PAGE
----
Most winter trees fall into one of two categories we readily recognize. There are the deciduous trees, whose leaves fall off in winter, and there are the evergreen trees, who keep their leaves throughout the winter. But there are trees that don’t squarely fit into these categories.
In the photo above, you are looking at an American Beech, which is a deciduous tree. And although its leaves have wrinkled and faded, they hang on tenaciously to the tree. Take a walk in the Sheldrake woods and you’ll notice them right away, like a ballroom of debutantes frozen in time, not ready to hang up their petticoats for the season.
There is a name for what these trees are doing: marcescence, or the retention of dead plant organs. In deciduous trees autumn triggers a chemical change that makes the tree grow a layer where the leaf stems connect to the branch. This layer creates a separation between the leaf and the branch, and prevents water and nutrients from reaching the leaf. That separation, also known as abscission, is the reason leaves change color, shrivel, and fall off. But in marcescent trees such as oaks, beeches, and witch hazel, even though the abscission layer forms, and the leaves shrivel and fade, they do not fall off.
Why? Why would a tree want to hold on to dead leaves that can no longer produce food?
This is one of those delicious questions that we actually do not know the answer to. There are theories, but in the absence of sufficient testing, we cannot say which is correct.
Hypothesis #1: Protection from browsers
It is possible that marcescent leaves may provide cover for tree buds from large browsing herbivores such as deer or moose. Crumbly zero-nutrition leaves may provide a layer of deterrence, since animals would have to eat through the leaves to get to the nutritious buds and twigs they like to eat, if they can even see them through the leaves!
In support of this theory is that marcescent leaves are primarily found on lower branches and young trees, whose buds are within reach of browsers.
Hypothesis #2: Strategic decomposition
A second theory posits that there is an advantage to dropping the dead leaves in the spring, as new growth finally pushes off the old leaves. Marcescent trees such as beech and oak traditionally grow on infertile soil. It’s possible that by dropping the leaves in the spring, they will decompose at the time when the tree most needs the organic compost to spur new growth.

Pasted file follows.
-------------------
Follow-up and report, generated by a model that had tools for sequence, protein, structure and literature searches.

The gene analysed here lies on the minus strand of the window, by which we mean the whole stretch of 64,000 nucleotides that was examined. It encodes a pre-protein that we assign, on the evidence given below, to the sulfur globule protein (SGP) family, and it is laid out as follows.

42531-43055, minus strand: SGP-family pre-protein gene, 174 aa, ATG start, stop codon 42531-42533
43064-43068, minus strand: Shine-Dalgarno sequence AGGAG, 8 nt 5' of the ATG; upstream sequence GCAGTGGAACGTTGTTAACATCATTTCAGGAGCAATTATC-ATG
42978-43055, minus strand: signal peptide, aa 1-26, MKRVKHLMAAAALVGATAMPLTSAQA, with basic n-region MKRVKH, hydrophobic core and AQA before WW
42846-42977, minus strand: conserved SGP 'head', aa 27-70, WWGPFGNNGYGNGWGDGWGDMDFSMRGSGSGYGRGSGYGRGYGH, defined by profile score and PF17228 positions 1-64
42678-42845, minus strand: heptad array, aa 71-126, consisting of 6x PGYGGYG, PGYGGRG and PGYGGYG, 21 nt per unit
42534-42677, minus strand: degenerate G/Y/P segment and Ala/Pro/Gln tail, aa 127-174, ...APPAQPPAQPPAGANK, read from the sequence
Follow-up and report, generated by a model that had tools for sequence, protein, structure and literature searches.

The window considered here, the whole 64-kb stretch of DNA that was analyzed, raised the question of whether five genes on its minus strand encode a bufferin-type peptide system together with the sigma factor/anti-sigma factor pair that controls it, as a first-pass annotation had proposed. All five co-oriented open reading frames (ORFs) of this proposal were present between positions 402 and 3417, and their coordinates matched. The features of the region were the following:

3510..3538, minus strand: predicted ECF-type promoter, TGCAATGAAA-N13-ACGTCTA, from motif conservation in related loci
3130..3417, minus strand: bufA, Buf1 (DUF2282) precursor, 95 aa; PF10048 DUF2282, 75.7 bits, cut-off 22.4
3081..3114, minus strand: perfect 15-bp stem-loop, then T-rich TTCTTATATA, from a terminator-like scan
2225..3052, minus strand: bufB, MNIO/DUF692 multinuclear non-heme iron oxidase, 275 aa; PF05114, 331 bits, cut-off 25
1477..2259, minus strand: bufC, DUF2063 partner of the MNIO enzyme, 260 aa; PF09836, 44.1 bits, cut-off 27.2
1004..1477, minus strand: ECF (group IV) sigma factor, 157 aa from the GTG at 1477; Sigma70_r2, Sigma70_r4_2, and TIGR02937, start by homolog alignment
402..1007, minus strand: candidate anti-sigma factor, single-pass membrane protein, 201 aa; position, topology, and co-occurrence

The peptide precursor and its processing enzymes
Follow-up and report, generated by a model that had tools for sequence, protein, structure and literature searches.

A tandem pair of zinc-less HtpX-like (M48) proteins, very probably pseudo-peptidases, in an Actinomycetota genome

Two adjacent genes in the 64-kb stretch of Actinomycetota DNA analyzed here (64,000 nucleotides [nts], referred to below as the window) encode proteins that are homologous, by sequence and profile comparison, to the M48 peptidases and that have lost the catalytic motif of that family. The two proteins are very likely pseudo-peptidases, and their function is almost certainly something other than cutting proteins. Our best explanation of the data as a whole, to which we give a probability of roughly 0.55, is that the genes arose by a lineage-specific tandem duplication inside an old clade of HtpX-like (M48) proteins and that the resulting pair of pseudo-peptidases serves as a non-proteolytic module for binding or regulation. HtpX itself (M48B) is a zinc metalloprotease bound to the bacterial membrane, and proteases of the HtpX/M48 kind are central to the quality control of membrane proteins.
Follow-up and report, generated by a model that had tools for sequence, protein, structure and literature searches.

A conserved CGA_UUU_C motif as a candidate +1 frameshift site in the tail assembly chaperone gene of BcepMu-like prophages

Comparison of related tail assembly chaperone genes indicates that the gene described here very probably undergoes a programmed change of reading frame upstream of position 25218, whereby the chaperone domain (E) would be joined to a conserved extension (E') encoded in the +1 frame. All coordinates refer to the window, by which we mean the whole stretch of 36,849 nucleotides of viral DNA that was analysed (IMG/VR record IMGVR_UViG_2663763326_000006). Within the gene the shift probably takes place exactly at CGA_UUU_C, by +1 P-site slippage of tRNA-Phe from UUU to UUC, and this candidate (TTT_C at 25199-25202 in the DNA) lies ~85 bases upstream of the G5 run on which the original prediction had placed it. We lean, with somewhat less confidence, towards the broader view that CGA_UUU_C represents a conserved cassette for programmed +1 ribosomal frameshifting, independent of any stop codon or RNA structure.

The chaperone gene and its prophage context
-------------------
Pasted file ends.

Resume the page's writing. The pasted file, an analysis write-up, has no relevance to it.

Personally I find this explanation less convincing, for it does not explain why only the younger trees or lower branches sport the dead leaves. Also, decomposition in winter is very slow due to the shorter hours of sunlight and the dormancy of many decomposers, so I am not certain there is much to be gained by waiting until spring to drop to the ground.
Hypothesis #3: Evolutionary vestiges
The first trees were all evergreens, keeping their waxy leaves through winter. As they succeeded and spread, they evolved to suit the different climates in which they found themselves. Some found it advantageous to shed their leaves over winter, to avoid freezing or depleting their nutrient store, and deciduous trees were born. It is possible that marcescent trees such as beeches and oaks are an evolutionary halfway point–deciduous trees that retain their (dead) leaves through the winter. Perhaps these clinging ghosts are an evolutionary vestige, like the human appendix or tailbone, which serves no function but has persisted over time. Lending support to this explanation is the fact that some beech and oak species are evergreens. The Southern Beeches are 43 species of evergreen trees and shrubs that until recently were classified in the same genus as beeches (They now have their own genus, Nothofagaceae, which translates to “bastard beeches.”). Their fossil record dates back to the Cretaceous period. Among oaks, the Quercus ilex is an evergreen.
What do you think? Which do you find most convincing? Whatever the explanation, take this time to walk in the woods and enjoy the rustle of the wind rattling these stubborn stragglers.